I’m theoretically petty, but I’m not petty in practice so here are some ways that you can be sms, so I don’t have to smdh:

(1) Like an organization or business page on Facebook.

(2) Follow an organization on Instagram and/or Twitter.

(3) On Facebook, “like” a post.

(4) On Facebook, “share” a post (especially if someone says “please share.”)

(5) On Facebook, click “interested” in an event, and if you’re planning to go click “going.”

(6) On Twitter, click “retweet.”

(7) If you see something that you like or have a positive experience with an organization or a business, leave a comment on their wall, or leave a positive review.

(8) Click “Follow” on LinkedIn.

(9) On Instagram click “like” and if you have a repost app, repost images or videos that you like.

(10) Subscribe to an organization’s or brand’s YOUTube page.

(11) Comments are like social media donations. Leave them! Even if it’s one word like “dope.”

(12) Tag or mention an organization in your post. This attracts other people to said organization.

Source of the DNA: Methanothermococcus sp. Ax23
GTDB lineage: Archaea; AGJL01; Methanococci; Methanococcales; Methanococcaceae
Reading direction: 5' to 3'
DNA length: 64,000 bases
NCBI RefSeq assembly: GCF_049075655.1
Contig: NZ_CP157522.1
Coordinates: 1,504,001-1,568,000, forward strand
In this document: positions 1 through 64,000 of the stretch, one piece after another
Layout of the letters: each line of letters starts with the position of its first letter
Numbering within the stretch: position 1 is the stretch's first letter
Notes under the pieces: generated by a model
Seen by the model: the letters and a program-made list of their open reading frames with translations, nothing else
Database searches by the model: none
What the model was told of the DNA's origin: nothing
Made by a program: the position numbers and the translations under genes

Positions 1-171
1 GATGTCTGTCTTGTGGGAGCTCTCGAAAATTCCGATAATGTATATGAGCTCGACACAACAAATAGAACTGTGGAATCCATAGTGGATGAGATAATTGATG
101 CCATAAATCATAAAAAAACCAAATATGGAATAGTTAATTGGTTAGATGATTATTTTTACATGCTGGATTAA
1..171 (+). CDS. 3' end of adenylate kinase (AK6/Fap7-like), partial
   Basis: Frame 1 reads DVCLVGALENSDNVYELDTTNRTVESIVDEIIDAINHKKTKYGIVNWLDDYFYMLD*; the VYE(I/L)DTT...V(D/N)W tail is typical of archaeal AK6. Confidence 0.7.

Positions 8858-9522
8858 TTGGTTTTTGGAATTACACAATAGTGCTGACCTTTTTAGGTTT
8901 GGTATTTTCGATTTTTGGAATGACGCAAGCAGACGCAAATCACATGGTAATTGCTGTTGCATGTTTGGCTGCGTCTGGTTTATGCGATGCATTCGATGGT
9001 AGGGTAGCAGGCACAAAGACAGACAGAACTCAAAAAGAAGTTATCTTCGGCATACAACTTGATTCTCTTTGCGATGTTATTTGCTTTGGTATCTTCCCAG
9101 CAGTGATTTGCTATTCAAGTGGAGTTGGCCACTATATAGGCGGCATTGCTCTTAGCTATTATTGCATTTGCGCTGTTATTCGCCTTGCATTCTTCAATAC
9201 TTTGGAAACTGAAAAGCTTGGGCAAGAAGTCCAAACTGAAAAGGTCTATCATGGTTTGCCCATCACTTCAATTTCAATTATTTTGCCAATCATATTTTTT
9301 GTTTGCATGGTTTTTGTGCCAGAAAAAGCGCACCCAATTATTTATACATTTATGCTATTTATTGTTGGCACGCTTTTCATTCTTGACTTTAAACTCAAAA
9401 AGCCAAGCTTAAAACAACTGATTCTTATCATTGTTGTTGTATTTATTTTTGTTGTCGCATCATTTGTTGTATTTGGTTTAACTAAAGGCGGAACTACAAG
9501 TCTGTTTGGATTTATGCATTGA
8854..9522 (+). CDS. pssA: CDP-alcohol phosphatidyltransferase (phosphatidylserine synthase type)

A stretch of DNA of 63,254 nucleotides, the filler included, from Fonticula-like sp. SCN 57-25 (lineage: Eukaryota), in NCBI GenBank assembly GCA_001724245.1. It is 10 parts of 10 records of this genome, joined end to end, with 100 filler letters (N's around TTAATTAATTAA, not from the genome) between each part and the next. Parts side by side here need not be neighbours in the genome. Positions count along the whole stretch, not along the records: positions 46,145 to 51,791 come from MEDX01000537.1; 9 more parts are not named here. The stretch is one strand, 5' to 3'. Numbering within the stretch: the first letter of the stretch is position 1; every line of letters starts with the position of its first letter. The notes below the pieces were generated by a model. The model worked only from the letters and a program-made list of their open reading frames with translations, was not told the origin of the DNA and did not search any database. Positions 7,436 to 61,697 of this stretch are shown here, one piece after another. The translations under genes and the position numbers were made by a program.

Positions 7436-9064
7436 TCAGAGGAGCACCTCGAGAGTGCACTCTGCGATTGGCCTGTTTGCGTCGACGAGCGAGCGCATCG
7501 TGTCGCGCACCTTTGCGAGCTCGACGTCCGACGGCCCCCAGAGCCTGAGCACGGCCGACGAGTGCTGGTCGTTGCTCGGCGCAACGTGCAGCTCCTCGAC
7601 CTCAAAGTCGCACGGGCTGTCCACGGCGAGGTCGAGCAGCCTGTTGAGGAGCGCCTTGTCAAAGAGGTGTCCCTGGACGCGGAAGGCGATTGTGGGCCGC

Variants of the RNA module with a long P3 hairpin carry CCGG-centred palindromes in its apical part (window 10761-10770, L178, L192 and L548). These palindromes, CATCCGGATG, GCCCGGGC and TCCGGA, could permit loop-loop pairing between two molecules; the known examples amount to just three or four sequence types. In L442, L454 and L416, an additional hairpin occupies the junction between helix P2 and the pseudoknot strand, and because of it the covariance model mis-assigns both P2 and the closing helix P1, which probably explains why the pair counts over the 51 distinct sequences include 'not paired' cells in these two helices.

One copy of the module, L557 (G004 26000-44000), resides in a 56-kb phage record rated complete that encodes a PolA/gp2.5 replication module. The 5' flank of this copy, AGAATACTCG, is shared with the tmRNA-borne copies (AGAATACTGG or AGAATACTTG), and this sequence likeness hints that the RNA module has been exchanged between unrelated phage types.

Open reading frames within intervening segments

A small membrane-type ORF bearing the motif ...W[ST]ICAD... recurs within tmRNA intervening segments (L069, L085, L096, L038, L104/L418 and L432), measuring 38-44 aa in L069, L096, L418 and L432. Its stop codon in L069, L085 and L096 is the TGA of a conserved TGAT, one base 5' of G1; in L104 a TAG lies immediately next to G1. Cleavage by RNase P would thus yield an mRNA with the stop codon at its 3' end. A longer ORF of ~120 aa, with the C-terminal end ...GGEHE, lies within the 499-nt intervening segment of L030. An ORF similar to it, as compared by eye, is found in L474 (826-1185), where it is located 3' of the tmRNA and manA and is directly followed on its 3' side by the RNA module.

(13) Help recruit! If you see something that applies to someone that you know TAG that person, so that you can connect them to the organization.

(14) Subscribe to the organization’s e-mail list.

(15) Share the donation link (If I see ONE MORE GoFundMe link…) When you share an organization’s link, it’s like a GoFundUs. It helps lots of people. Please share!

(16) When they ask a question, or ask for help even if you can’t personally help, please share the post or tweet. Someone in your network may be able to help or answer the question/call.

(17) If you do make a request, ask them if there is anything that you can share OR leave the door open for them to reach out in the future to ask you to share something.